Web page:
Robin Hemley approached this masterclass by giving the nine experienced nonfiction writing students specific and applicable advice on their nonfiction projects. In various stages of conception and completion, each class member spoke in turn about their projects, from a family’s experience organic farming in Italy to an errant expatriate writing from but no longer living in Bali. Robin had instruction, advice and stories—both personal and from his accomplished writer friends—to apply to class members’ worries over representing others, concerns on how to insert our own voices into historical stories and how to structure a compelling nonfiction book. Robin advised the class to ask themselves, over and over again: What is this story about? What is this story really about? Only then might we reach the heart of the complex reasons we have chosen to write these books, what we hope to discover, and what we aspire to convey about our deepest beliefs.
Robin told the class that he doesn’t agree with the catch-all term “creative nonfiction” because there are so many different genres of nonfiction that require different techniques, styles and tones: immersion writing, travel writing, memoir, personal essay, literary journalism. He also spoke about the very different nonfiction books and essays he has written, from a serious family memoir to immersion writing to literary investigative journalism in the Philippines. From this experience, he was able to share the ways in which the class might also think about how to strike the right tone and voice for our own projects.
That evening, Robin read from his book Do-Over, a humorous and uplifting collection of “do-overs” where, at 48, he goes back to relive his experiences summer camp, in kindergarten, at the prom, and reprises his role as the Littlest Angel in a Christmas pageant show. He read from his experience of kindergarten, involving a vengeful teacher, a teacher’s pet, and a hard handful of poo. It is clear that he has reason to want to “do-over” this experience, so as a married adult with three children, he spends a week in kindergarten. Surprisingly, the students treat him as just another student, albeit bigger. After his reading, an audience member asked if this kind of writing helped him to understand his experiences better. Robin said ultimately no; he does not believe that writing can be a form of therapy, but instead a way to discover and re-live those past experiences and events in new ways.
Jillian Schedneck is the author of Abu Dhabi Days, Dubai Nights and is currently pursuing a PhD in Gender Studies at the University of Adelaide. Jillian is a SAWC workshop assistant.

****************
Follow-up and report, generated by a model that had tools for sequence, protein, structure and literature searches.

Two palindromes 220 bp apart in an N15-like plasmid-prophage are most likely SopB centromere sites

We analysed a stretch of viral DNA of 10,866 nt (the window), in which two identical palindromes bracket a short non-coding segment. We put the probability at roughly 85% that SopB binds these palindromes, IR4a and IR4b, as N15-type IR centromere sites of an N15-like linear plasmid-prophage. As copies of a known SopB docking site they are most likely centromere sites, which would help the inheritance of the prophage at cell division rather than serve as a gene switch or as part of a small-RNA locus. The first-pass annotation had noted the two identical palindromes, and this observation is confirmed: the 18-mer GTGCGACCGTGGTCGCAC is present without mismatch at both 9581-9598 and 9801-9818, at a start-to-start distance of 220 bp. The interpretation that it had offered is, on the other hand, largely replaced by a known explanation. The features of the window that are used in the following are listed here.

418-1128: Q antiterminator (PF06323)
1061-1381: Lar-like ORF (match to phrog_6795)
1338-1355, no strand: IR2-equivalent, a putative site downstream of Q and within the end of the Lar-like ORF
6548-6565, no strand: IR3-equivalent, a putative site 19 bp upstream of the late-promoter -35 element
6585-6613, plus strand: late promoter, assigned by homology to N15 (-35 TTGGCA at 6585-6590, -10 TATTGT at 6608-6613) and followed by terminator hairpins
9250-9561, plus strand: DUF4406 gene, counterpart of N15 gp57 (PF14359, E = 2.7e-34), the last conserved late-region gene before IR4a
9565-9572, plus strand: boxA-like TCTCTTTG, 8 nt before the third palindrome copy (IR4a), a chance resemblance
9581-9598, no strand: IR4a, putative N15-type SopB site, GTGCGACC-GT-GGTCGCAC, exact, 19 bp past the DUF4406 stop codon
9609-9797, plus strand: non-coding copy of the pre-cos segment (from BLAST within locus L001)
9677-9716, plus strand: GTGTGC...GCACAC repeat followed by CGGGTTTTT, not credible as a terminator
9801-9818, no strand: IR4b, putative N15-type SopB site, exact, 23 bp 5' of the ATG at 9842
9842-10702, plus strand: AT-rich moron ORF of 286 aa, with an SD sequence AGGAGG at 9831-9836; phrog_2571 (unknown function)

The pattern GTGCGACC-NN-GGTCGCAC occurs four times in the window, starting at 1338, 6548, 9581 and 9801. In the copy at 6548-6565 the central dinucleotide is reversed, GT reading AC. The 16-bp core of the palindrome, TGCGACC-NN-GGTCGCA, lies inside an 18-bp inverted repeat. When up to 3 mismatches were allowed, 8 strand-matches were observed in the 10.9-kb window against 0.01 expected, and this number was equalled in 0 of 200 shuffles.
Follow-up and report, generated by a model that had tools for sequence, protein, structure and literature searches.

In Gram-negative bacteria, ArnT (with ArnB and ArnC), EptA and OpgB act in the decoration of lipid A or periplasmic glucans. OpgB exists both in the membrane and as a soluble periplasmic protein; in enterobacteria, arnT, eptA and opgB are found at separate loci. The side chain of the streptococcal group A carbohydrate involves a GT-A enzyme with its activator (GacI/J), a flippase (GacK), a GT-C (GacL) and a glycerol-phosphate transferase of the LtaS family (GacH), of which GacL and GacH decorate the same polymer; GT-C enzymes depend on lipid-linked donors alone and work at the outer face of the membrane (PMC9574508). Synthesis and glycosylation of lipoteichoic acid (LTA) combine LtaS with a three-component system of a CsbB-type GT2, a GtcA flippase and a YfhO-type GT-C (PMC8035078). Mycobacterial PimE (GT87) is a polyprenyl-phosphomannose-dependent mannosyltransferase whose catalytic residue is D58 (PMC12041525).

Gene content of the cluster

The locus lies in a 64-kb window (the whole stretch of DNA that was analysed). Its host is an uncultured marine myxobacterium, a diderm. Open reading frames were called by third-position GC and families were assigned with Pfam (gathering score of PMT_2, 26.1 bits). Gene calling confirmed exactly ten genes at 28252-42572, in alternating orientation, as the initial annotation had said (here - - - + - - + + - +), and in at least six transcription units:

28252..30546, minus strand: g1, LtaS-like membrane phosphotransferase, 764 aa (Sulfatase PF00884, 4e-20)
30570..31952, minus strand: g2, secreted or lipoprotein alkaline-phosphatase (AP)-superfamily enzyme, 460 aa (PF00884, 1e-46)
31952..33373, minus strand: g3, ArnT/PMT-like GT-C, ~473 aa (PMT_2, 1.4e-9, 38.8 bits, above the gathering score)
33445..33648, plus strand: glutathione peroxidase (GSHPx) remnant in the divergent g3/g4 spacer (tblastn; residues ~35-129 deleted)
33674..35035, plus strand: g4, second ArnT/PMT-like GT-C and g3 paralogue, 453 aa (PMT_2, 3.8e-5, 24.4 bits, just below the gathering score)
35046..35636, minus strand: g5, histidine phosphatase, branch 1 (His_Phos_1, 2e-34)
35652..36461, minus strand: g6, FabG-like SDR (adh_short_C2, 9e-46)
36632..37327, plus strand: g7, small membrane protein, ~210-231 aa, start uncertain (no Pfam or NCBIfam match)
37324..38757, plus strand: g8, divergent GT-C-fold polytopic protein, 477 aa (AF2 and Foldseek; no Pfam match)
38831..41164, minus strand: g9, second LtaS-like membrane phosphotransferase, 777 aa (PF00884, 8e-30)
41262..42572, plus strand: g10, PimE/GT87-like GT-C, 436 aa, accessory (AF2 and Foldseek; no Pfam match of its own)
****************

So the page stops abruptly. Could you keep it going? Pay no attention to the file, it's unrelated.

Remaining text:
[…] By Jillian Schedneck On Saturday 8th June, Romance writer Cassandra Dean guided workshop members through several steps to successfully market and promote one’s book (and create a personal brand) online. Class members learned that the most important tool in online marketing is a personal and professional website. Authors must try to strike a balance between helping potential readers to feel as though they are having a personal interaction with the author, and maintaining a professional distance. Next on the list was blogs: how to create them, what authors might write about and most importantly, how to get potential readers interested. Using her own website and blog as an example, Cassandra took participants through the essential components of an author website. Cassandra also helped the workshop participants understand the importance (and great variety) of social media sites authors can choose to be involved in: facebook, twitter, goodreads, tumblr, pinterst, to name a few. The rest of the workshop led participants through online marketing tools, from securing book reviews on relevant blogs and websites to options for purchasing online promotion. The point of all these online marketing tools, Cassandra explained, was to make potential readers feel as though they are connecting with you, and not as though you are only trying to sell them something. The class was duly overwhelmed by these many avenues for online promotion and the time it would take to pursue these tactics. Throughout the workshop, Cassandra crucially reminded participants that they should only get involved in what they felt comfortable with and enjoyed doing. A veteran at online promotion herself, Cassandra enjoys sharing and updating on her very professional website and through all the social media channels. She’s been working on her website and personal brand (as well as her romance novels) for over five years. Another excellent piece of advice from Cassandra: copy authors who you think are good at promotion by using elements from their websites, and learning from how they interact on facebook and twitter. You can see Jillian’s other post here. […]